Cashing In On Panic
High volatility, low yield often ideal for buying.
On the VIX and More blog, Bill Luby presented an interesting indicator this afternoon that takes a ratio of the VIX implied volatility gauge to the yield on the 10-year Treasury Note.
The ratio makes sense as a measure of fear or uncertainty in the market, since the VIX tends to spike higher during those times, while a rush to the safety of government debt tends to lower the yield on Notes. So when we see times of extreme duress, it should coincide with spikes higher in the VIX / Treasury Ratio.
The problem with the indicator is the limited history of the VIX. However, we can get around that by computing historical volatility on the S&P 500 instead - the two are very closely correlated. By doing that, we can get a history of the measure all the way back to 1962.
When doing that, we do indeed see that big spikes in the indicator have only occurred during panic situations. "Extreme" for this measure could be considered anything over a ratio of seven (meaning the level of S&P volatility is seven times greater than the yield on the 10-year Notes), and our current situation now qualifies.
The table below shows all dates when the ratio went from below seven to above seven. Note that there were some dates in fairly close proximity as the Note yield jumped around a bit at these times. Instead of removing them from the study, I included them so we could see all the dates.
We can see from the table that results going forward were exceptionally positive, and consistently so. Looking across the time frames from one week to three months, there were few negative returns, and the averages were several multiples of random returns during the study period. The combination of a high volatility level and low Treasury yield corresponded to some excellent buying opportunities over the past 45 years, with essentially no failures.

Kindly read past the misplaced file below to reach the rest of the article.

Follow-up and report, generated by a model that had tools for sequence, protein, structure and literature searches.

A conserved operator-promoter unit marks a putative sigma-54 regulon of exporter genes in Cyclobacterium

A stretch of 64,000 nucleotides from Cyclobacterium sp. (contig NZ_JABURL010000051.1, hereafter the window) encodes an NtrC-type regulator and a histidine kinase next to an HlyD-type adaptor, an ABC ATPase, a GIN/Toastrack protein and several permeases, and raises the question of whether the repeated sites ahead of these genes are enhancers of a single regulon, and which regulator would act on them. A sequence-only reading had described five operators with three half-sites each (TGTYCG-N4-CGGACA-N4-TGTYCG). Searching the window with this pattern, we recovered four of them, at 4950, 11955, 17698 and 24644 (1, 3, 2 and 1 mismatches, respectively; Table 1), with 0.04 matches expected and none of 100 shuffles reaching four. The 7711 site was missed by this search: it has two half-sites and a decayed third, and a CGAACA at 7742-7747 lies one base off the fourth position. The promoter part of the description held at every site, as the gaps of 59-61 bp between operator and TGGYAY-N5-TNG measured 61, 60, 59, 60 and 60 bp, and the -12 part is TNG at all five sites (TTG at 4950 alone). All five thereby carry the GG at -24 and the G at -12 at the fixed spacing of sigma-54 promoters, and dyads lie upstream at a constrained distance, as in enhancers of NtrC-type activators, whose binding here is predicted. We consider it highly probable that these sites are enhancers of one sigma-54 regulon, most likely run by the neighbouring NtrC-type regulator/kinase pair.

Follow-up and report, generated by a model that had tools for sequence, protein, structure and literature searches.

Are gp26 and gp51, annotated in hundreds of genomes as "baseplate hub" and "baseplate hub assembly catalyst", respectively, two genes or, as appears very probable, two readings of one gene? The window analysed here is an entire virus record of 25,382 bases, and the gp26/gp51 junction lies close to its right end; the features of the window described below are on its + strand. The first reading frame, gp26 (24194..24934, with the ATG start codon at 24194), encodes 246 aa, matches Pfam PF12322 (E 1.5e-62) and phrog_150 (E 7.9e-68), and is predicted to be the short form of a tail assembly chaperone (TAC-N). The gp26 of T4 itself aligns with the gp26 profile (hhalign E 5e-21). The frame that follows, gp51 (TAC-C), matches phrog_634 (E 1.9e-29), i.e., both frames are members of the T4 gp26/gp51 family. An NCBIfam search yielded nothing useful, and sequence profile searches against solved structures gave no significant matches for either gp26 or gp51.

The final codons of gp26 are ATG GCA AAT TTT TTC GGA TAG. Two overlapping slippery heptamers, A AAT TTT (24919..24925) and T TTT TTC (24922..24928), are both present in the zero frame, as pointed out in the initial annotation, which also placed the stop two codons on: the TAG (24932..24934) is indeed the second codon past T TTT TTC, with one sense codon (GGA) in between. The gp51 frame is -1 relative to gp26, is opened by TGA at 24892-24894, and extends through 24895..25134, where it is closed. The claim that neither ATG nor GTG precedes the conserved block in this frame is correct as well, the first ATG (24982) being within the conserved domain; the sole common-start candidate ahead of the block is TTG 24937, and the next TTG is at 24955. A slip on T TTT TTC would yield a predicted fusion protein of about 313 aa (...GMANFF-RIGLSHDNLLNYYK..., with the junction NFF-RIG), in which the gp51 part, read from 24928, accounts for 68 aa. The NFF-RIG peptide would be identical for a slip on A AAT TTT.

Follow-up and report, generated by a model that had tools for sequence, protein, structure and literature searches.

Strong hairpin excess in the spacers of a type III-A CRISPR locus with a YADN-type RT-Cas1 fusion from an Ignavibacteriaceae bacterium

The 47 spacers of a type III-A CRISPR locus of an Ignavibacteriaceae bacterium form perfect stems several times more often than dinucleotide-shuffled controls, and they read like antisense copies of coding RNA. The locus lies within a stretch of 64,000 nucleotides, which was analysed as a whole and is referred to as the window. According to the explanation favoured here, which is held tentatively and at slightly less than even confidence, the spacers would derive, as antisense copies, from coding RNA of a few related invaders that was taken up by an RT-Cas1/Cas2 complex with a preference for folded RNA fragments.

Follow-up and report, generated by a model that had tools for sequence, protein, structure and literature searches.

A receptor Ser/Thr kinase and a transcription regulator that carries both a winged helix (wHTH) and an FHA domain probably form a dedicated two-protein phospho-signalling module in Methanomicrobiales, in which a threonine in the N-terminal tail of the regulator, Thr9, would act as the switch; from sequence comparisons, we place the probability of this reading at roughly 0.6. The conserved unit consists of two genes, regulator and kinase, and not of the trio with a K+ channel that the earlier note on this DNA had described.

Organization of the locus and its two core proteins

The information on this website solely reflects the analysis of or opinion about the performance of securities and financial markets by the writers whose articles appear on the site. The views expressed by the writers are not necessarily the views of Minyanville Media, Inc. or members of its management. Nothing contained on the website is intended to constitute a recommendation or advice addressed to an individual investor or category of investors to purchase, sell or hold any security, or to take any action with respect to the prospective movement of the securities markets or to solicit the purchase or sale of any security. Any investment decisions must be made by the reader either individually or in consultation with his or her investment professional. Minyanville writers and staff may trade or hold positions in securities that are discussed in articles appearing on the website. Writers of articles are required to disclose whether they have a position in any stock or fund discussed in an article, but are not permitted to disclose the size or direction of the position. Nothing on this website is intended to solicit business of any kind for a writer's business or fund. Minyanville management and staff as well as contributing writers will not respond to emails or other communications requesting investment advice.
Copyright 2011 Minyanville Media, Inc. All Rights Reserved.